Sadly, it couldn’t last.
After suffering just three bicycling fatalities in the first six weeks of the year, four Southern California bike riders have lost their lives in just the last week.
The latest, an 89-year old man who reportedly rode out into traffic on a busy San Diego street.
According to the Union-Tribune, the victim, who hasn’t been publicly identified, was leaving a parking lot on Imperial Avenue near Marketplace Avenue around 10 am Tuesday. The paper reports he rode straight out into the roadway, heading north, despite a right turn only sign.
He made it nearly all the way across the four lane avenue before he was struck by a pickup traveling west in the right lane.
No word on how fast the driver was going, or why he wasn’t able to stop in time. Despite the apparent victim blaming in the U-T report, and another from KUSI-TV suggesting he rode “directly” in front of the oncoming truck, he should have been visible to the driver after crossing three lanes of traffic.
The victim was taken to a hospital with a broken pelvis and major head injuries; he died there later the same day.
This is the seventh bicycling fatality in Southern California this year, and the second in San Diego County.
Note:I am not attempting to blame the driver in this collision. As billsd and Jennifer point out in the comments below, the victim appears to have broken the law in some way and may well bear at least some responsibility.
What I am questioning is how the collision could have occurred as it has been reported. A cyclist who manages to make it almost all the way across a four lane roadway cannot be described as riding out into traffic, let alone directly; it had to be clear at least part of the way for him to make it that far. So the question becomes why the driver was unable to see and avoid someone who presumably was riding slowly across the street, and why the victim thought he could make it across.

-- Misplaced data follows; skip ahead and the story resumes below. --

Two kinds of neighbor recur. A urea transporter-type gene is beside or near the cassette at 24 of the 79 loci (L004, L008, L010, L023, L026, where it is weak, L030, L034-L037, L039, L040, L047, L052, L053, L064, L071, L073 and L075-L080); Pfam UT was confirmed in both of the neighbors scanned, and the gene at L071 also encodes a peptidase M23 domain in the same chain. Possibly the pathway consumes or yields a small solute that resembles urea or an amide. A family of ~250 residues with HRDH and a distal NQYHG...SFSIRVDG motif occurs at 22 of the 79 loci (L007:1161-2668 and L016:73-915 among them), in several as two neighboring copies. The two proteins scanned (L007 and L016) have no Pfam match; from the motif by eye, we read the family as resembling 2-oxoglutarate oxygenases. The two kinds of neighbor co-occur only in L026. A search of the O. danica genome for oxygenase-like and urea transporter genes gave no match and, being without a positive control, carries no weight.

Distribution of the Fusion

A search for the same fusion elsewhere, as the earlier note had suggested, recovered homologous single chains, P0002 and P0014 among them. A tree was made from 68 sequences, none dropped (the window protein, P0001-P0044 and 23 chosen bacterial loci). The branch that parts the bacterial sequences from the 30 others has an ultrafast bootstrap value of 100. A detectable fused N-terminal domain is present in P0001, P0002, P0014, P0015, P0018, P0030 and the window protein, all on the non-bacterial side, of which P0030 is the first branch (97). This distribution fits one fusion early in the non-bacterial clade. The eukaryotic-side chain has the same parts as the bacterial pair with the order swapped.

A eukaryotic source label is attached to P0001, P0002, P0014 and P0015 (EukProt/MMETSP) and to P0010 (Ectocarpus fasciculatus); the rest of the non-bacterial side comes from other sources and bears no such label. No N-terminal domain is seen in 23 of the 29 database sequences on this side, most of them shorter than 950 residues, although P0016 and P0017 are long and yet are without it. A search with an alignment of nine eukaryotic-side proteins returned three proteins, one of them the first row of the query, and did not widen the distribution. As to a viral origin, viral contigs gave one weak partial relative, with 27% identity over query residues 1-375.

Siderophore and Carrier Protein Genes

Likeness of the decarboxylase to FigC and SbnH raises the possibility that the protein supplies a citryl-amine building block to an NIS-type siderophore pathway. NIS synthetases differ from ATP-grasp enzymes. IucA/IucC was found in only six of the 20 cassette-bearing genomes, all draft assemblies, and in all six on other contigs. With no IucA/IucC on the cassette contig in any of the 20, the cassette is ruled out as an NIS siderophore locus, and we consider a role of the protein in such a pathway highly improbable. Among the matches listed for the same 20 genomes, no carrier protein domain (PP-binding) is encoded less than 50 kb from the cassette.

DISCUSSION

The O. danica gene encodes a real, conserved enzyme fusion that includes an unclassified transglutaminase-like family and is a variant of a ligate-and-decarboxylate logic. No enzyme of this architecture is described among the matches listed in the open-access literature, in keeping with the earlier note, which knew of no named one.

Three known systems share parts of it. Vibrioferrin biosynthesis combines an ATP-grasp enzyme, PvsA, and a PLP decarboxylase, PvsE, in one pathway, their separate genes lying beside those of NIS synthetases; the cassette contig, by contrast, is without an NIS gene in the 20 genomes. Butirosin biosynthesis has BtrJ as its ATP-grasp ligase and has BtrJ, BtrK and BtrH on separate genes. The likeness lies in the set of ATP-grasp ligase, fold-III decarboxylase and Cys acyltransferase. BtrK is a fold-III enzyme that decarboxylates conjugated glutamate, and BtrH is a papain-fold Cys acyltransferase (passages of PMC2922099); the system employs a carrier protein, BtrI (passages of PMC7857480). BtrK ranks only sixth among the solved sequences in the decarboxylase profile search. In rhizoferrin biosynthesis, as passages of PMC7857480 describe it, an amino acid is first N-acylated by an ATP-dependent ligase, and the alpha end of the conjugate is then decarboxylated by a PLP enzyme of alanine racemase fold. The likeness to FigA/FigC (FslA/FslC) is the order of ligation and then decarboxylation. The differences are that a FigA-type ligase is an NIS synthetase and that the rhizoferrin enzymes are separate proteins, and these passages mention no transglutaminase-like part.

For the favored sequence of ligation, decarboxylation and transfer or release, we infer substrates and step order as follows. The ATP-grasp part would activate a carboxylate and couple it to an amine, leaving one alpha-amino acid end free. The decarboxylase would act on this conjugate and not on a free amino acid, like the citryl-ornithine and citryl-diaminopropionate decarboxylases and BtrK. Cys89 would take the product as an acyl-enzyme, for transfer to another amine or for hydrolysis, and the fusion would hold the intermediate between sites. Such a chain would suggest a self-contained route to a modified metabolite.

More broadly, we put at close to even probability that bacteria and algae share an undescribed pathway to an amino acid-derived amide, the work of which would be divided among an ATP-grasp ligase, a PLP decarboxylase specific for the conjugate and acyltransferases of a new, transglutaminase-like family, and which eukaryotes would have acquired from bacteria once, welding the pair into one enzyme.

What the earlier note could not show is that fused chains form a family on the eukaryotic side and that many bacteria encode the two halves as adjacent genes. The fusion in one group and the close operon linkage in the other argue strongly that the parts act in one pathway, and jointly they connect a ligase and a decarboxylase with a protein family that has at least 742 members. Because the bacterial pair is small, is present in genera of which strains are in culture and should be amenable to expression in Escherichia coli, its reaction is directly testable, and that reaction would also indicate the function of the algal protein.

Maybe the driver’s view was obstructed by another vehicle; maybe the victim couldn’t see the car coming or misjudged its speed. We simply don’t know based on the limited information available.
Another possibility is that the police gave the wrong direction for which way the victim was traveling. If he was headed south out of the cemetery on the north side of the road, rather than north out of the shopping center parking lot to the south — where there is no exit, as billsd points out — then he might have ridden out in front of an oncoming car, and the driver may have been unable to stop in time.
All I know is that this story does not make sense as it has been reported.
And as Jennifer points out, I may have been overly critical of the press, as they appear to have relied on the information provided by the police.As a result, I have changed the headline which initially criticized the news sources for blaming the victim.
Update: A comment from Bill Jordan may clear up the confusion. He suggests the collision could have occurred further west at the parking lot drive identified as Edgefield Way, which does have a no right turn sign, and roughly correspond’s with the KUSI report, which placed the collision on the 4300 block of Imperial Ave.
He also says the site is just west of a hill, as well as trees in the median, both of which could have hidden the victim and the driver from one another until it was too late.
My deepest sympathy and prayers for the victim and his family.